If your property has an unvented or combi boiler system, installing a shower pump is not possible. Both of these systems use mains-fed water, and it is against British regulations to connect a shower pump to the mains water supply.
It's also important to ensure that the existing plumbing is compatible with the pump's minimum flow rate and pressure requirements (we discuss this in more detail later). The pipework needs to be in good condition and free from leaks to prevent any damage to the pump or plumbing system.
While modern shower pumps are significantly quieter than older models, they can still produce noise. This is especially true if they're not installed correctly. This will not only be a nuisance to you but also cause a disturbance for other nearby properties.
Thankfully, there are top-quality shower pumps that come with smart technology designed to minimise noise without impacting performance. Alternatively, you can purchase an anti-vibration or noise-reduction mat to reduce the noise level of the pump.
Lastly, the loft should be easily accessible for installation, maintenance, and repair. Loft spaces can be challenging to access, and you should ensure there is adequate space to install the pump and its associated plumbing safely.
If your loft space is particularly small or difficult to access, you may need to consider installing the pump in a different location. An airing cupboard or utility room may be a more practical solution if the loft is unsuitable.
How to install a shower pump in the loft
Shower pumps can be complex devices, and each home may have unique requirements. You should always seek advice from a qualified Gas Safe-registered engineer in your local area if you’re uncertain about how to install a shower pump correctly.
For those who feel confident about installing a shower pump, here is our detailed step-by-step guide to help you safely and correctly install a shower pump.
Step 1: Choosing the right type of pump
Before you can go ahead with the installation process, you'll need to have the right shower pump. There are three main types of shower pumps: a universal pump, a positive head pump, and a negative head pump.
The type of pump
If the shower head you want to increase in pressure is below the cold water storage tank, you'll need a positive shower pump. On the other hand, if the showerhead is at the same level or above the cold water tank, a negative head pump is the best choice.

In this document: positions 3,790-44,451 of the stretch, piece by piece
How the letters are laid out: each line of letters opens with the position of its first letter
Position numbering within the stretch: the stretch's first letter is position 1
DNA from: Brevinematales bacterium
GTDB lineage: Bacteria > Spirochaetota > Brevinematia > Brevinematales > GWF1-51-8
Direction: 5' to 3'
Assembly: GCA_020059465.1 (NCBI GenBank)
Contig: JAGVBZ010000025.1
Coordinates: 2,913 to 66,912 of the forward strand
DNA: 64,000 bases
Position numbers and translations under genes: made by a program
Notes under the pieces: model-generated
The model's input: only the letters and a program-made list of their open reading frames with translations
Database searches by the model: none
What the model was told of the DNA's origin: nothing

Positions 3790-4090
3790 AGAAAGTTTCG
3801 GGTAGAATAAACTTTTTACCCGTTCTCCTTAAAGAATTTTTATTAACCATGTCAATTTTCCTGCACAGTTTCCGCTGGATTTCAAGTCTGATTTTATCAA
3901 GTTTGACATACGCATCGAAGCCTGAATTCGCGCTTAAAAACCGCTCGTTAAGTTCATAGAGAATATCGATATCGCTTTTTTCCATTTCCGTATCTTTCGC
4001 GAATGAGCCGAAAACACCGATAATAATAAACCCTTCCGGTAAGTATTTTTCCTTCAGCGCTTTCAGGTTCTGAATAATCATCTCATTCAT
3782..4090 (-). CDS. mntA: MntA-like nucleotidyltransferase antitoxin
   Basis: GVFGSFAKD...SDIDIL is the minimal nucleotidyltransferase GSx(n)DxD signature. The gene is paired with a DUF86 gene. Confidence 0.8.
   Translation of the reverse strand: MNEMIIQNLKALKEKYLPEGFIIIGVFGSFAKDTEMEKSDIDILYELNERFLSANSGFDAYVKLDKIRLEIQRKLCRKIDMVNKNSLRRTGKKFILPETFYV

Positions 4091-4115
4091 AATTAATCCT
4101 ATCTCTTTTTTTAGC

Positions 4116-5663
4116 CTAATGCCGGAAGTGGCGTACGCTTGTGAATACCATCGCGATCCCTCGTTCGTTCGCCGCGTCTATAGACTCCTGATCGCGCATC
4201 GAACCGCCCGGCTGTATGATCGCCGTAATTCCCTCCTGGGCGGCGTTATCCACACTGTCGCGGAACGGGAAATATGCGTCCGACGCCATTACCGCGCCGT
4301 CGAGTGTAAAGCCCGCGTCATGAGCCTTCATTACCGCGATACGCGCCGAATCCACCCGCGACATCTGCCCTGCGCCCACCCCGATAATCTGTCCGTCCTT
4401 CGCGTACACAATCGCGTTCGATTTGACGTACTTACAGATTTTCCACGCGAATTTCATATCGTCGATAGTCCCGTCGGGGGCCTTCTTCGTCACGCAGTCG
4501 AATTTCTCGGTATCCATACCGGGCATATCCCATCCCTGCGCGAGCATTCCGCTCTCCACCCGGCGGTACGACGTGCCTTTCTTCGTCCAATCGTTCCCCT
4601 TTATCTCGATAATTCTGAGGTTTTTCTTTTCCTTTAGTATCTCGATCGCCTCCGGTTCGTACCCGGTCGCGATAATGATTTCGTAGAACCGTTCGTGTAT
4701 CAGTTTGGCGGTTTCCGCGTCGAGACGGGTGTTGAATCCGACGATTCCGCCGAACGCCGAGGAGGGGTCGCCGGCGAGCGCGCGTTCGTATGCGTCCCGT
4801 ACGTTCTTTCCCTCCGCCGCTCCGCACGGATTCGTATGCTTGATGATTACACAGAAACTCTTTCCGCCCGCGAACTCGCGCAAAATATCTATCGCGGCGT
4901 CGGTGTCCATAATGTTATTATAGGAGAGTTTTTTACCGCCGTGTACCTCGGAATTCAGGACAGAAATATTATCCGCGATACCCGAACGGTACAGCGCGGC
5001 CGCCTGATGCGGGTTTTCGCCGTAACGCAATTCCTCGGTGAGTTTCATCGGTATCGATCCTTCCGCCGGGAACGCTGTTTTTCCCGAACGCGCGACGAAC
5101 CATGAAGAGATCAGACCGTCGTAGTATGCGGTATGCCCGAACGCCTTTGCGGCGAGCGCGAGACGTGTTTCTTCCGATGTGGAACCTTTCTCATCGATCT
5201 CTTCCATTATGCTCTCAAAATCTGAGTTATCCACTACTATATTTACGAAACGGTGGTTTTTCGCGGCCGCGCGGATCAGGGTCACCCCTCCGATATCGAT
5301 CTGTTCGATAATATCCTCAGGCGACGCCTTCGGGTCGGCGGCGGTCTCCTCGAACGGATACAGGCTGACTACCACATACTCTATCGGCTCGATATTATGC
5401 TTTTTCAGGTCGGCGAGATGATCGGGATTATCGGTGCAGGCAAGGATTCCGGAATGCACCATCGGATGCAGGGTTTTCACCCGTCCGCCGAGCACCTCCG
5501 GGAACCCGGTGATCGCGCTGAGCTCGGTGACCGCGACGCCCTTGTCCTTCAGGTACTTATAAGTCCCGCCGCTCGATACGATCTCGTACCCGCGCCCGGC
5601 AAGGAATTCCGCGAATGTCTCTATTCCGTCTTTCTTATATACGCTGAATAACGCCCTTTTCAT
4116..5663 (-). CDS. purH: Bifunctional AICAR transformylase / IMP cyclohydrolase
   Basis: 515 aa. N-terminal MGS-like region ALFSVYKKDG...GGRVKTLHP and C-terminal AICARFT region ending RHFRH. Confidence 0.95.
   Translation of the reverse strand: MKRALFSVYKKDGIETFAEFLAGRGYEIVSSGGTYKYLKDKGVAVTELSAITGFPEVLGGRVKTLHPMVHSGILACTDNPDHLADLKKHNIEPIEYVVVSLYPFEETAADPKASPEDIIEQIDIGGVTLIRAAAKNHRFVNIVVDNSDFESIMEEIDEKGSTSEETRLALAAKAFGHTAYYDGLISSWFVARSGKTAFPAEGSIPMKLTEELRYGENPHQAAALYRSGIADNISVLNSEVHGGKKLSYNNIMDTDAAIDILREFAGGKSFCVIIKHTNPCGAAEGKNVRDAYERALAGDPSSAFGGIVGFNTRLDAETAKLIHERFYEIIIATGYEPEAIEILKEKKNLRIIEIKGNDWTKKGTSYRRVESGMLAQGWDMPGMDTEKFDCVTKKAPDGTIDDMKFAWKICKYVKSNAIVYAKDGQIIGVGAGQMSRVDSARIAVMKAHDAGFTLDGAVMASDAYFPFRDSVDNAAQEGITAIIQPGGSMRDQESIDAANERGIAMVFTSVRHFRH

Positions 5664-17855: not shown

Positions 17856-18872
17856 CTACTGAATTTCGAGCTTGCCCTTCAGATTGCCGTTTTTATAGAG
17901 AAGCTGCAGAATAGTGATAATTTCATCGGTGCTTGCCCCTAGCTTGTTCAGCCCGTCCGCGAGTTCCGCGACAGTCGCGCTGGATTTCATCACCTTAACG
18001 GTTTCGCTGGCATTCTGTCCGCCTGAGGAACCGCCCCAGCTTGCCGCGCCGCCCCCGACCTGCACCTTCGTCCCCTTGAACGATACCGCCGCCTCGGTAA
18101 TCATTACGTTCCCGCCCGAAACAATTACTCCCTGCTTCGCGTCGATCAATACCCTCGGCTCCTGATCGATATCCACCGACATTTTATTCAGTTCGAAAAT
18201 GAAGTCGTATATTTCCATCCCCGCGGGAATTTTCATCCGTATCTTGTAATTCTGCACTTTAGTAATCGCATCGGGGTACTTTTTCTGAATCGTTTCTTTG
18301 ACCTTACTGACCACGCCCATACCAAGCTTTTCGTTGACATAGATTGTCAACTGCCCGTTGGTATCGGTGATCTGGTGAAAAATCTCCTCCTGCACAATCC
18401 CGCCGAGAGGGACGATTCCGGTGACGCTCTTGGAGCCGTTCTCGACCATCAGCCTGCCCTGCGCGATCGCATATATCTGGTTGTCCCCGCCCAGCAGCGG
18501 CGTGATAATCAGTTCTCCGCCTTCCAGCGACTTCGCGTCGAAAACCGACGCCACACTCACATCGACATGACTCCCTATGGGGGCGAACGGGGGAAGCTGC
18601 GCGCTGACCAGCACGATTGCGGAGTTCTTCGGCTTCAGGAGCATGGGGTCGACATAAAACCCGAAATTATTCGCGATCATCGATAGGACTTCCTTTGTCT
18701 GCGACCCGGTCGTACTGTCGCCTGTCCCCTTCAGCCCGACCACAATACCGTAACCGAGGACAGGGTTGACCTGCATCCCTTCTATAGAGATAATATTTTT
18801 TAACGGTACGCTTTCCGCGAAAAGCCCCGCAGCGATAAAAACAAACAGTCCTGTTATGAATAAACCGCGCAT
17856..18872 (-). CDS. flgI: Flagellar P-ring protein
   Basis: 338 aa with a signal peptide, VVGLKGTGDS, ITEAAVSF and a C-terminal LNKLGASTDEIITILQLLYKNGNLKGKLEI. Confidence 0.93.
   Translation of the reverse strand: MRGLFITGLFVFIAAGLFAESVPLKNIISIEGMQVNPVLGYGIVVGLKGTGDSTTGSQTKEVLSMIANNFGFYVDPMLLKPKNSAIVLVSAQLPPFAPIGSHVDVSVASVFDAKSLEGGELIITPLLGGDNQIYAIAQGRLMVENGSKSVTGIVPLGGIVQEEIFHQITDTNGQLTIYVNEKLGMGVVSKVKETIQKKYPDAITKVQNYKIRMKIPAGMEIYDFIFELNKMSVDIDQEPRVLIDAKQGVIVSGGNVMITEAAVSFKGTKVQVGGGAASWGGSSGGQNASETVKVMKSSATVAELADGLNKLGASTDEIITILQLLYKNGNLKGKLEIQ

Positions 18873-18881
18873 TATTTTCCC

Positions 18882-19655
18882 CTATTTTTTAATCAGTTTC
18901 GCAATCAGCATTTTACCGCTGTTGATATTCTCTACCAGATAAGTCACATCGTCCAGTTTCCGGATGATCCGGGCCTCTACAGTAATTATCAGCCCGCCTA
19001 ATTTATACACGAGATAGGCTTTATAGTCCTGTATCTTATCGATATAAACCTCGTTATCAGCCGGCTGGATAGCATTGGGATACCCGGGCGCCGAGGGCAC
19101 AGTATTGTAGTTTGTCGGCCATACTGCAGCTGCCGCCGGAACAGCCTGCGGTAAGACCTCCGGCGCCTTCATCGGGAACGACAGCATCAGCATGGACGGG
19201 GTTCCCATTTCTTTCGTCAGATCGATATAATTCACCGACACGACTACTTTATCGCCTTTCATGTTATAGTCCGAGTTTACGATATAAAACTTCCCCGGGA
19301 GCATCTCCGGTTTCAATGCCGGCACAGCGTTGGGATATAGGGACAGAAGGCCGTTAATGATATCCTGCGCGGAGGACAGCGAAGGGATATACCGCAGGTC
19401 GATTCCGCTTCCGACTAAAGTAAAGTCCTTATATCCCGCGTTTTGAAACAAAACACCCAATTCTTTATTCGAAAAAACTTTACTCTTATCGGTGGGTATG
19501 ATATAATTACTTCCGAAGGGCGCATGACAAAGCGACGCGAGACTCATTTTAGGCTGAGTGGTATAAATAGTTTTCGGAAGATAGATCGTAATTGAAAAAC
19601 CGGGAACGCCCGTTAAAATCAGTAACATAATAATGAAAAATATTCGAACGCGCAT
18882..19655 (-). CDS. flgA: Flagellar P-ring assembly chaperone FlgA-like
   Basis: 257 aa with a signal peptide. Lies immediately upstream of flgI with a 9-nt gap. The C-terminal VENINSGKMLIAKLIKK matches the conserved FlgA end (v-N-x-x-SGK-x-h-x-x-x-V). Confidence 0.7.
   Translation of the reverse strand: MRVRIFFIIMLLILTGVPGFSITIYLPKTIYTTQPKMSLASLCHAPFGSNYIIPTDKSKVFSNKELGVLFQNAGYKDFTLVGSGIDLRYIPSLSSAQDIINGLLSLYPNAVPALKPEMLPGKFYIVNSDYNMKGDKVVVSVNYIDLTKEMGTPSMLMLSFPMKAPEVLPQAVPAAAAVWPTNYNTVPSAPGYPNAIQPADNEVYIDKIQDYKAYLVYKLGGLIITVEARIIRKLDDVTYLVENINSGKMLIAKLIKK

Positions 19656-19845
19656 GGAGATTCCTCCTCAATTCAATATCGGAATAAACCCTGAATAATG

If you're unsure whether you have a negative or positive head, a universal shower pump is a perfect solution, as it works with both.
Shower pumps also come with either a single impeller or a twin impeller. For boosting both cold and hot supply to the shower, a twin pump is required. If you only need to boost one water supply, such as with an electric or power shower, a single impeller pump is sufficient.
To get the best shower experience, you must choose the right type of shower for you before anything else.
The size of pump
When choosing the right type of pump for your property, you also need to consider the size. The size of the pump is determined by the bar rating it can deliver. The bar rating you'll need will depend on the size of your house, the shower head size, and your desired pressure.
Generally, these are the best pump sizes based on the size of your home:
- Small flat or home: A pump with a pressure of 1.5 to 2.0 bars is best
- Small family home (2-bedroom house): A pump with a pressure of around 2.0 to 3.0 bars is sufficient
- Large family home (3-bedroom house): A shower pump with around 3.0 bars of pressure will work
- Multiple showers: For a home with multiple showers, a house pump with a pressure of 3.6 bars or more is best
Step 2: Installation process
Before you begin the installation, you'll need the correct plumbing supplies:
- Your pump
- Flexible hoses
- A Surrey or Essex flange (depending on the connection)
- A bucket
- A monkey wrench and screwdriver